Monday, 28 July 2008

My favourite irony

This land is your land, this land is my land
From California to the New York Island
From the Redwood Forest to the Gulf Stream waters
This land was made for you and me.

'This Land is my Land' is something of an alternate national anthem in the USA, written by semi-mythical folk legend, Woodie Guthrie. What is usually ignored is that Guthrie was a life long socialist and the early versions of the song, as sung by Guthrie, contain verses criticising private land ownership, and the church and the government's failure to address the real needs of the American people.

Unsurprisingly, these verses are usually omitted, or replaced by less challenging fare:

There was a big high wall there that tried to stop me;
Sign was painted, it said private property;
But on the back side it didn't say nothing;
That side was made for you and me.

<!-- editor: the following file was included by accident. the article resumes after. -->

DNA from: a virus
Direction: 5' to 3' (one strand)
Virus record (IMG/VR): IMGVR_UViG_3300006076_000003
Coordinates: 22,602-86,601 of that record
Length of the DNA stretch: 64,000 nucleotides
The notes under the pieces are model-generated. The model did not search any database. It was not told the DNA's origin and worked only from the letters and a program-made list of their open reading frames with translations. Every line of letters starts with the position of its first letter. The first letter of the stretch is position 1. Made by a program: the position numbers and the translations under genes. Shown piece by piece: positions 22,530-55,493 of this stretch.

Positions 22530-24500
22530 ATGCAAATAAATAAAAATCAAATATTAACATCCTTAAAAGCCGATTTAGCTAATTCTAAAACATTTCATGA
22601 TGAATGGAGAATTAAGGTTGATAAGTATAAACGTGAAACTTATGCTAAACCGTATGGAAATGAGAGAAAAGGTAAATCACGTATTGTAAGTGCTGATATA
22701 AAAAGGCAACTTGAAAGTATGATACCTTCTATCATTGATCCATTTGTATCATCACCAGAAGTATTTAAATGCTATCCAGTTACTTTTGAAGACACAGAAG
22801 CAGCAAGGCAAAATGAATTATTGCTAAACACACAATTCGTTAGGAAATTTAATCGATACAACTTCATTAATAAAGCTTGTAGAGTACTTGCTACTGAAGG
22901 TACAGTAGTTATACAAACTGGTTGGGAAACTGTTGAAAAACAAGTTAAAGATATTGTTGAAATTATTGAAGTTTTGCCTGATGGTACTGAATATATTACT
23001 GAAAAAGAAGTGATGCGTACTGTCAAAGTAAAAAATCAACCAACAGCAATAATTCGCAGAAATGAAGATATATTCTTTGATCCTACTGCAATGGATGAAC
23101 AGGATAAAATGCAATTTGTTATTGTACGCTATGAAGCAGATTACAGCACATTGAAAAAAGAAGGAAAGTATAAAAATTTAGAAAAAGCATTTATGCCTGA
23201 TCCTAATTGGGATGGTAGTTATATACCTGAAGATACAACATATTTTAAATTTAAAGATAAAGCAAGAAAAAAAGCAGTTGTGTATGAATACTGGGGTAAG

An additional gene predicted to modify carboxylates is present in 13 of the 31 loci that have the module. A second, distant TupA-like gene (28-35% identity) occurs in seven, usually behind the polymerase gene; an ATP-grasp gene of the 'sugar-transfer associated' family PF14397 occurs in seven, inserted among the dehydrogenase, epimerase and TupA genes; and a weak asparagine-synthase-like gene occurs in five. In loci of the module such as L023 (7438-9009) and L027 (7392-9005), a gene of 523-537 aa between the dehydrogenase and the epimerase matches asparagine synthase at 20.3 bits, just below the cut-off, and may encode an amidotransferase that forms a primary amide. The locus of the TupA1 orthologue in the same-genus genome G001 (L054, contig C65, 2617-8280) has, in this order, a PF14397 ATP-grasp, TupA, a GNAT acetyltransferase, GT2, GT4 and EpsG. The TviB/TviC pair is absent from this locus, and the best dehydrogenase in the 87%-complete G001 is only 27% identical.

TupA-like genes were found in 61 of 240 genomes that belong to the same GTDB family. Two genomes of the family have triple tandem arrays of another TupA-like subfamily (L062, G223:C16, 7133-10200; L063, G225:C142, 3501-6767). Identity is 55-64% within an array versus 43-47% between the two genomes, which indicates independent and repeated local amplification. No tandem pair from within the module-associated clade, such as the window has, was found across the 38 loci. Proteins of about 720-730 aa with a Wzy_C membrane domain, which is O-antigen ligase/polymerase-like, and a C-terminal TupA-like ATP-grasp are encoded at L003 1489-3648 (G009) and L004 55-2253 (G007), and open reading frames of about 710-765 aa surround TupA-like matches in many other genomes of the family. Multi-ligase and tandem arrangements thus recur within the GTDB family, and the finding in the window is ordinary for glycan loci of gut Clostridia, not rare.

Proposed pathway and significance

In the squares of the city, In the shadow of a steeple;
By the relief office, I'd seen my people.
As they stood there hungry, I stood there asking,
Is this land made for you and me?

Joe Klein's biography of Guthrie is a remarkable book. As Klein remarks, Guthrie has become a bit of a folk myth, a hobo-like figure from the dust bowl, sanitized of his political convictions. I used to have a copy of it, but it was 'borrowed' by a friend of mine and never made it back to me. The last I heard, my friend wasin India, working in television. I like to think the book still out there somewhere, pursuing its own hobo-ish course across the sub-continent.

1 - 'This Land is My Land,' by Woody Guthrie, originally published in 1944. The full lyrics can be found on wikipedia, amongst others:

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